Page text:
Clinical Reasoning

With the launch of the Affordable Care Act (ACA), 41.3 million previously uninsured individuals will now have access to healthcare coverage. This potential surge of new patients – particularly in areas with high concentrations of uninsured individuals – could lead to a shortage of skilled and experienced clinicians. To compensate, healthcare organizations will need to find new ways to support physician efficiency and performance to maintain high levels of service.

Most industries value efficiency, yet there is sometimes a negative perception of efficiency when it comes to healthcare providers. After all, “efficiency” might be the watchword used to emphasize speedy patient encounters rather than thorough examinations and thoughtful care plans.

Thus, it makes sense to look for ways physicians can become more efficient while simultaneously improving the patient experience and the quality of patient care. As is often the case, one solution is data; the ability to use data to assist the clinical reasoning process not only allows providers to work at the highest level, it can also make them exponentially more efficient.

Predictive Analytics vs. Clinical Reasoning

The phrase “predictive analytics” is becoming more commonplace in healthcare. Although often used synonymously with the term “clinical reasoning,” there is actually a slight – but important – difference between the two.

Predictive analytics involves the use of data sets to determine patterns and predict future outcomes and trends with a certain degree of reliability. It is essentially a forecast of what might happen. Predictive analytics employs an algorithm applied to a defined set of data to derive the probability of a distinct outcome. Clinical reasoning, on the other hand, is the process by which a provider gathers information and determines a diagnosis and treatment plan. It’s a cycle consisting of compiling and assessing information, formulating and executing the plan, and reassessing the plan based on the results.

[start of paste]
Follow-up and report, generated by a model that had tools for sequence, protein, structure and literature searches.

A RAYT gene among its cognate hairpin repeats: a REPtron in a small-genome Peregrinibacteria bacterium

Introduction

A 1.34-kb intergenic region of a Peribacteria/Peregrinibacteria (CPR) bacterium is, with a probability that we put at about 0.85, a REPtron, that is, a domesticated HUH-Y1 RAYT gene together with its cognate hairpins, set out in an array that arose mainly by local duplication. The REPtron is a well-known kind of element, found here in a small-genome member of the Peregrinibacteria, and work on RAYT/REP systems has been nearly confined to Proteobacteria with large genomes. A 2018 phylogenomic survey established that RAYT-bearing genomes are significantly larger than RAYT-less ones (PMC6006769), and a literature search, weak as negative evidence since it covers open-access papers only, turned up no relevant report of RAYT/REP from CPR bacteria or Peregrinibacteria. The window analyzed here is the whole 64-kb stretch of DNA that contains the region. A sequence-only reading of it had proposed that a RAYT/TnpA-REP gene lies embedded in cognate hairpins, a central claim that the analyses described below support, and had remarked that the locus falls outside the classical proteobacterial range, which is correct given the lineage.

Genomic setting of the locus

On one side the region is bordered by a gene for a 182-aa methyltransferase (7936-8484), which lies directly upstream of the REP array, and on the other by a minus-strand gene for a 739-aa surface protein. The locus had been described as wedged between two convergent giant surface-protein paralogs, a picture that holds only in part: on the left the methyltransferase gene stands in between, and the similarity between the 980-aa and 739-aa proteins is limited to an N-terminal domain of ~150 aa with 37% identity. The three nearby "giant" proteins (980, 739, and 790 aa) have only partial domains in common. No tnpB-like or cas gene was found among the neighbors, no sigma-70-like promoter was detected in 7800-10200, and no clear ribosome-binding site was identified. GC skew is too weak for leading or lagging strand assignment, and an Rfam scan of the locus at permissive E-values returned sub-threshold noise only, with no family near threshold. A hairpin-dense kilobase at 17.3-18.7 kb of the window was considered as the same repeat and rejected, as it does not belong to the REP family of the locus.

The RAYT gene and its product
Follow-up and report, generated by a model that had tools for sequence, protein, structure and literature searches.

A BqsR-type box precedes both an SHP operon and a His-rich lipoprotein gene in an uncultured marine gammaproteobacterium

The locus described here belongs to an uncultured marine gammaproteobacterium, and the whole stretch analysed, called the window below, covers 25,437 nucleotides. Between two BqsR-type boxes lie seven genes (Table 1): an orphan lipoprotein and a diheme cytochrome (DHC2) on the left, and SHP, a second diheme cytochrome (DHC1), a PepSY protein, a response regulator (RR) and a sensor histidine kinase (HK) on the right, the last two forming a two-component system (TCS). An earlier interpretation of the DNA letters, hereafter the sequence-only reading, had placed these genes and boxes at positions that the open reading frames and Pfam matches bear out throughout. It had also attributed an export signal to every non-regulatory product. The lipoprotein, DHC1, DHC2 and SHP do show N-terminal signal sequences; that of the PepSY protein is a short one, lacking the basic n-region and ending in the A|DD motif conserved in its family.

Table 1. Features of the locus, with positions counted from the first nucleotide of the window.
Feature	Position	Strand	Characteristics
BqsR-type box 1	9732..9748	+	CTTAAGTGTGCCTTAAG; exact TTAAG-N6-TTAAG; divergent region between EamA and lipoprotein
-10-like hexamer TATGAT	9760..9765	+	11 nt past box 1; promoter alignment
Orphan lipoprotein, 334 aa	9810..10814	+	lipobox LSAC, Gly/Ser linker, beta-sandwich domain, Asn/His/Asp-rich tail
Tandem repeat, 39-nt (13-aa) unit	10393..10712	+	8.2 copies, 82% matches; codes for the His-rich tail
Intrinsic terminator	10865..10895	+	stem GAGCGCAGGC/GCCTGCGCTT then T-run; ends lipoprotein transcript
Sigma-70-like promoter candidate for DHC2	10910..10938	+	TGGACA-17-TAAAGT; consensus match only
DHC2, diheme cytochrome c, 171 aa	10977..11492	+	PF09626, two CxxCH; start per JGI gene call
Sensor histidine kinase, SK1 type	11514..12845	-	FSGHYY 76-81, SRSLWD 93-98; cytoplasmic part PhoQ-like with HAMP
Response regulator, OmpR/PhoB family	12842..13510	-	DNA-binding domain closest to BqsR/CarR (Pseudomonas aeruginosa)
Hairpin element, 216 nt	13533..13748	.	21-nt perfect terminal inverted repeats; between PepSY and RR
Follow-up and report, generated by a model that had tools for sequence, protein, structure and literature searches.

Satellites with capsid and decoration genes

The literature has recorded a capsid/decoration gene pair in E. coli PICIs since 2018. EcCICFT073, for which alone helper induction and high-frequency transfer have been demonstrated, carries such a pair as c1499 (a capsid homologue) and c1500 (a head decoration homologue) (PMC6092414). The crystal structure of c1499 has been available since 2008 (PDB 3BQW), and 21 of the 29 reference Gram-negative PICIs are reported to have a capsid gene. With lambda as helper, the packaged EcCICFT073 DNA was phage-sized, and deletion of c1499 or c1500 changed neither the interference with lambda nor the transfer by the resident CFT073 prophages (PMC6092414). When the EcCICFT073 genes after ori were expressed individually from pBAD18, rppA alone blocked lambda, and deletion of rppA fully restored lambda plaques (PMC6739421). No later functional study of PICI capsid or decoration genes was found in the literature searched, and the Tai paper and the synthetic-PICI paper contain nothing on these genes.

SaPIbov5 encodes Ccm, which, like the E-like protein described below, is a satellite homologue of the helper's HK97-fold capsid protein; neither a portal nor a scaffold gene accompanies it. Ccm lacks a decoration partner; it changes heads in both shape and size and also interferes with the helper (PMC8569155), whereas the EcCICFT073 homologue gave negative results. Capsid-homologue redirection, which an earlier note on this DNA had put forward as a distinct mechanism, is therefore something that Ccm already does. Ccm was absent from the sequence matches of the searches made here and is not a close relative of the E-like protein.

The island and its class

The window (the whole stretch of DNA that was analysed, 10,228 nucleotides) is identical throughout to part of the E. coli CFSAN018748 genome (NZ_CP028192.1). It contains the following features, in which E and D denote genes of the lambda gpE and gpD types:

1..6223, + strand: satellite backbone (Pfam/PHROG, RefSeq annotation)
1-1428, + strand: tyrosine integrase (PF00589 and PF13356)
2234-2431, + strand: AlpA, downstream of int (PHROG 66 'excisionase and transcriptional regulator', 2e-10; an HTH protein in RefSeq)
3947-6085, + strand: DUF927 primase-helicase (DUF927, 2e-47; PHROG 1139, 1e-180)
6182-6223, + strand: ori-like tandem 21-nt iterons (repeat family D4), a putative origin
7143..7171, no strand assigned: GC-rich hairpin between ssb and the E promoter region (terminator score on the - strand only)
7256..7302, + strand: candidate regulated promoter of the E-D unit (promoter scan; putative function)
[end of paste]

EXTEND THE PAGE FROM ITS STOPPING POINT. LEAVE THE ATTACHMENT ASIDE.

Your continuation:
Ideally, clinical reasoning combines clinical training with a provider’s personal knowledge resources. Those resources may include “background information” which consists of details such as how patients with this disease generally present, or what kinds of treatments and tests are available, and “foreground information” which applies these facts to the specific patient and specific condition being evaluated.

To help providers work at the top of their game, clinical reasoning tools can be used to bring analytics to the decision-making process. They help fill the gap between background and foreground information. By bringing evidence-based best practices into play, these tools can effectively raise the bar for all providers, regardless how long they have been practicing or how many times they have treated a particular condition. As mid-level providers increasingly are called upon to treat straightforward clinical conditions because of physician shortages, for instance, assistance from clinical reasoning aids can help ensure a consistent knowledge base is maintained.

Benefits for All

Assisted clinical reasoning delivers a number of benefits to healthcare organizations, individual providers and patients alike, including:

1. Checklists. The algorithms used to create clinical reasoning systems can be easily converted to checklists, which many experts champion as a simple, low-cost way to improve care much in the same way they have helped the aviation industry. All pilots, regardless of how many flights they have flown, use a checklist during each takeoff and landing to address safety standards consistently. While admittedly much more complex, patient care still could benefit in a similar manner.

2. Clinical guidelines. Clinical reasoning tools bridge the divide between background information and foreground information. At a practical level, this puts detailed clinical guidelines at providers’ fingertips, allowing highly experienced providers to confirm diagnosis and treatment options and helping less experienced providers successfully diagnose and treat patients according to standards and best practices.

3. Care quality. Healthcare services are no longer offered solely within the traditional confines of doctors’ offices and hospitals. Especially in physician shortage areas, the rise of retail clinics has made care extremely convenient for busy patients. However, to be effective, retail clinics must adhere to the same quality levels as other healthcare organizations. This can be accomplished by including clinical reasoning tools as part of the foundation of high level care.

From Retail Clinics to In-patient Hospital Wards